I think you're correct. The point is that a highly variable environment-leads-to-intelligence argument is too general: it's not enough to explain why humans are much more intelligent than chimps, or why they got so much smarter during over millions of years on the savannah.
    Mike
    Becky Jungbauer
    So then why aren't all species highly intelligent?
    I agree - I think in totality with contributions (psychological, biological, evolution) we can arguably say that humans are the most intelligent as we understand it (reason, adaption, flexibility) of the animals, but I think just using the argument that adaptation to novel situations = intelligence could be applied to many (if not all) species.

    Also, Dr. Kanazawa completely misinterpreted Josh's question
    When I saw his email I had to read that paragraph a few times because I wasn't quite sure how he went from Josh's question to his answer. I think the null hypothesis that you present is more in line with what we should use. And I struggled with what seemed to be the use of "adapt" interchangeably with "evolve" in the paper.

    And finally, the biggest problem with this research is the idea that we can accurately measure differences in innate intelligence between populations.
    I was really interested to see how he dealt with this problem, because I agree with you - unless you have a common baseline, how can you measure the delta? I'm glad you picked up on that. He used data on IQ of a national population from a comprehensive list of 192 nations' national IQs (nations with populations > 40,000); the list's authors showed a correlation between the two extreme scores for each nation (with 2+ scores available) was 0.92 and the correlation between the second highest and second lowest scores across 15 nations (with 5+ scores available) was 0.95. The authors also showed showed a correlation between national IQ and national scores on tests of mathematics and science ranging from 0.79-0.89, and compared their data to an international assessment studies of student academic performance (r=0.97). So while the numbers look good, I'm not sure if you can compare the various populations, as their underlying characteristics are so different. I think the idea of comparing within populations is a better one.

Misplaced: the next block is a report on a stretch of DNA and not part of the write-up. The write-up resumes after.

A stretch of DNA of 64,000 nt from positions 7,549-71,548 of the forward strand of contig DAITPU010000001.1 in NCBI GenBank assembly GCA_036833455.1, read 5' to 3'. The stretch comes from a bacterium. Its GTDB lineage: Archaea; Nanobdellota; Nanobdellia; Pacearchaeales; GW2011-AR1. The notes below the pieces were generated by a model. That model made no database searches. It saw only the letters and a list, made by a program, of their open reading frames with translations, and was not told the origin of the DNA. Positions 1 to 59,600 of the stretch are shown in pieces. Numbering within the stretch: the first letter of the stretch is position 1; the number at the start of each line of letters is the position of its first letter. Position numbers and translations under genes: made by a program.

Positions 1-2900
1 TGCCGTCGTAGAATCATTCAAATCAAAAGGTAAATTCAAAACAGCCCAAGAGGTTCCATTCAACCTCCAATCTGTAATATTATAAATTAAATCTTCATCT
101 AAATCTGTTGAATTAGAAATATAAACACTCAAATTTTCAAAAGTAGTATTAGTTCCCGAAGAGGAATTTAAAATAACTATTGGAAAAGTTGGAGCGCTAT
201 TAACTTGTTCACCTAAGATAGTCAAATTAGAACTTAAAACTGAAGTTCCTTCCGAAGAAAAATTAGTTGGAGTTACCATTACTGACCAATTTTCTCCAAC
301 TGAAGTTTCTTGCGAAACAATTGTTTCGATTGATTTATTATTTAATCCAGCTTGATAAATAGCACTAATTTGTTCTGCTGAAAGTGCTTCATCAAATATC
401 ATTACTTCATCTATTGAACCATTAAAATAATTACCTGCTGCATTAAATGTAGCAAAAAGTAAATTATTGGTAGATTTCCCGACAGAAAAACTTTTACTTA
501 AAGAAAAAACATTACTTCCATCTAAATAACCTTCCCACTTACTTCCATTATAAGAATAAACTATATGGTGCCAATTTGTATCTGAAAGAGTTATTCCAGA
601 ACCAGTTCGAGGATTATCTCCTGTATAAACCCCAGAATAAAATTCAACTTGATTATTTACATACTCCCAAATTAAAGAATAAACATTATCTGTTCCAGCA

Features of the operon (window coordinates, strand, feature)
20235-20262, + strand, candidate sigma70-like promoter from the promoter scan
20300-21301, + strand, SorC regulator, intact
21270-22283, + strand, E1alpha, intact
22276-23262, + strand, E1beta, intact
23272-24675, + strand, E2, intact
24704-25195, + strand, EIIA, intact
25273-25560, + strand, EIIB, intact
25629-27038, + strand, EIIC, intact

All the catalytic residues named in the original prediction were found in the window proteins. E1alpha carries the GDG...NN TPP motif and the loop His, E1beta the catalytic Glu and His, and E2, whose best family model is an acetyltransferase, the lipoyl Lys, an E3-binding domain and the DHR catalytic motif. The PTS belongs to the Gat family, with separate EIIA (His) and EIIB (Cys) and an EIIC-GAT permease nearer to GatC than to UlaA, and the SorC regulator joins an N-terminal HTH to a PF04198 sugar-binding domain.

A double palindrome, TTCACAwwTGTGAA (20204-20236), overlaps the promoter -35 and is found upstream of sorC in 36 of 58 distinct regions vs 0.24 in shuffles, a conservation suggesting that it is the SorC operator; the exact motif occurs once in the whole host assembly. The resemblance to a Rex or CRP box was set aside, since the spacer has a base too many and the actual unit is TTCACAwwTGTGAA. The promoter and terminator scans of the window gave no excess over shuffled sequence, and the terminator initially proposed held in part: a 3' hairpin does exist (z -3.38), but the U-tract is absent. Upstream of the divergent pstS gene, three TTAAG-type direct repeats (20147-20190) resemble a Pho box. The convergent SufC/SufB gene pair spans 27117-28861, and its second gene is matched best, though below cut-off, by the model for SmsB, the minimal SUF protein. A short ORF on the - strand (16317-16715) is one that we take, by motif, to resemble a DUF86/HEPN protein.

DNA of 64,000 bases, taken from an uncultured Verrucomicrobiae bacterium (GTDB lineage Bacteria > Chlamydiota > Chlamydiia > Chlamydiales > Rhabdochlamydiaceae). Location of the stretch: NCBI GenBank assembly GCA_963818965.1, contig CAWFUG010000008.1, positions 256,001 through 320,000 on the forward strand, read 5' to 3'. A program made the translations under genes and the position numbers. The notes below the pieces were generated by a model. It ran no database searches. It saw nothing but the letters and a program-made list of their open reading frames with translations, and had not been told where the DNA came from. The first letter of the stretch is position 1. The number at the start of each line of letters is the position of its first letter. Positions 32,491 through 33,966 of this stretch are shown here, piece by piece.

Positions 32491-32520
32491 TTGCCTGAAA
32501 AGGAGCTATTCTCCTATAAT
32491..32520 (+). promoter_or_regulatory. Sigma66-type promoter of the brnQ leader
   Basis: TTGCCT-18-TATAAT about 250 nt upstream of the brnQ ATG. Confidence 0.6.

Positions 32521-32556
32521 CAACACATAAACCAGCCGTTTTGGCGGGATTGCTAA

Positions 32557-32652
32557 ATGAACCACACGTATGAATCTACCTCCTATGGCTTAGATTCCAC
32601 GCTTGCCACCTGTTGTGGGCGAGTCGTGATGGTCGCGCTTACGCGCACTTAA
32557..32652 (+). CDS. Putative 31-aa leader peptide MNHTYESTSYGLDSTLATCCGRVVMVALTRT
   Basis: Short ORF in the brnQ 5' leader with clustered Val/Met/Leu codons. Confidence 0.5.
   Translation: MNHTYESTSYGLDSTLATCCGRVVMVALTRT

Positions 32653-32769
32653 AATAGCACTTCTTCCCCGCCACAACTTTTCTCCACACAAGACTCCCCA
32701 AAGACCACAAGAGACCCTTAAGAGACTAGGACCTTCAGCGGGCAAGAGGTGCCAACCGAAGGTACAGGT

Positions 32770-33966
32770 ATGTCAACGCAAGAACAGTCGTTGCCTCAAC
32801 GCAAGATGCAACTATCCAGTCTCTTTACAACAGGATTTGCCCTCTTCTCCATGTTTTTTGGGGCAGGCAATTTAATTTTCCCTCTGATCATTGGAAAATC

adaptivecomplexity
    So while the numbers look good, I'm not sure if you can compare the various populations, as their underlying characteristics are so different. I think the idea of comparing within populations is a better one.
    That's the key here - one can certainly compare IQ scores between populations, but you can't tease out cultural effects from innate intelligence (if that's even possible to define).  It's not even just the fact that cultures are so different; you can't even do the proper controls, in which you keep the environment constant: a Pakastani kid, adopted at infancy by a white, middle-class American couple, is still not experiencing the same environment as a non-adopted child in the same household. Someone who looks different gets treated differently, obviously. The same would be true of a Caucasian child raised in Pakistan.
    If Kanazawa is invoking evolution here, then presumably he's interested in innate intelligence, and for that, his data are no good.




    Mike
    Gerhard Adam
    I don't think anyone's disputing that diversity would generate more "intelligence" (since the flexibility of the brain would be subject to more experiential data).

    I do not think that it is nessecarily useful to expect all creatures with a diverse environment to be as intelligent as we are.
    Actually it is, since the point of mentioning such selection pressures is because they supposedly produced the result of intelligence.  While it might be reasonable to argue that only some animals moved in that direction while others didn't might be plausible.  However when no other animal experienced such a radical difference, then the strong suggestion is that something else was probably responsible for the shift in human intelligence.  In other words, any phenomenon to which only humans are the beneficiaries suggests something outside of environmental selection pressures.
    Mundus vult decipi
    Johannes Koelman
    Hi Becky, can you clarify a point. You stated:

      "In humans, usually the male has had multiple partners while the woman has just had one."

    Occasionally I see statements like these, but never really understand what is meant to be implied.
    Assuming you are talking about heterosexual partnering, and assuming the females do not strongly outnumber the males (or the other way around), the average number of partners should be equal for both genders. Right?

    So, are you implying that a subgroup of the females is highly polygynous (much more so than the average male)? Or is a significant asymmetry in cross-gender partnering reflected in this statistics (e.g. voluntary vs non-voluntary partnering, with the latter not entered into the count)?
    Becky Jungbauer
    the average number of partners should be equal for both genders. Right?
    You know, I thought the same thing at first, but your two suggestions are more in line with what I think is reality. I think it's a mix - small subgroup of highly polygynous females, and a much larger group of females who are forced into partnering - see Josh's various posts on the subject - plus some underreporting. Girls aren't supposed to have multiple partners, but guys are, so while I hope the reporting bias is low I do wonder.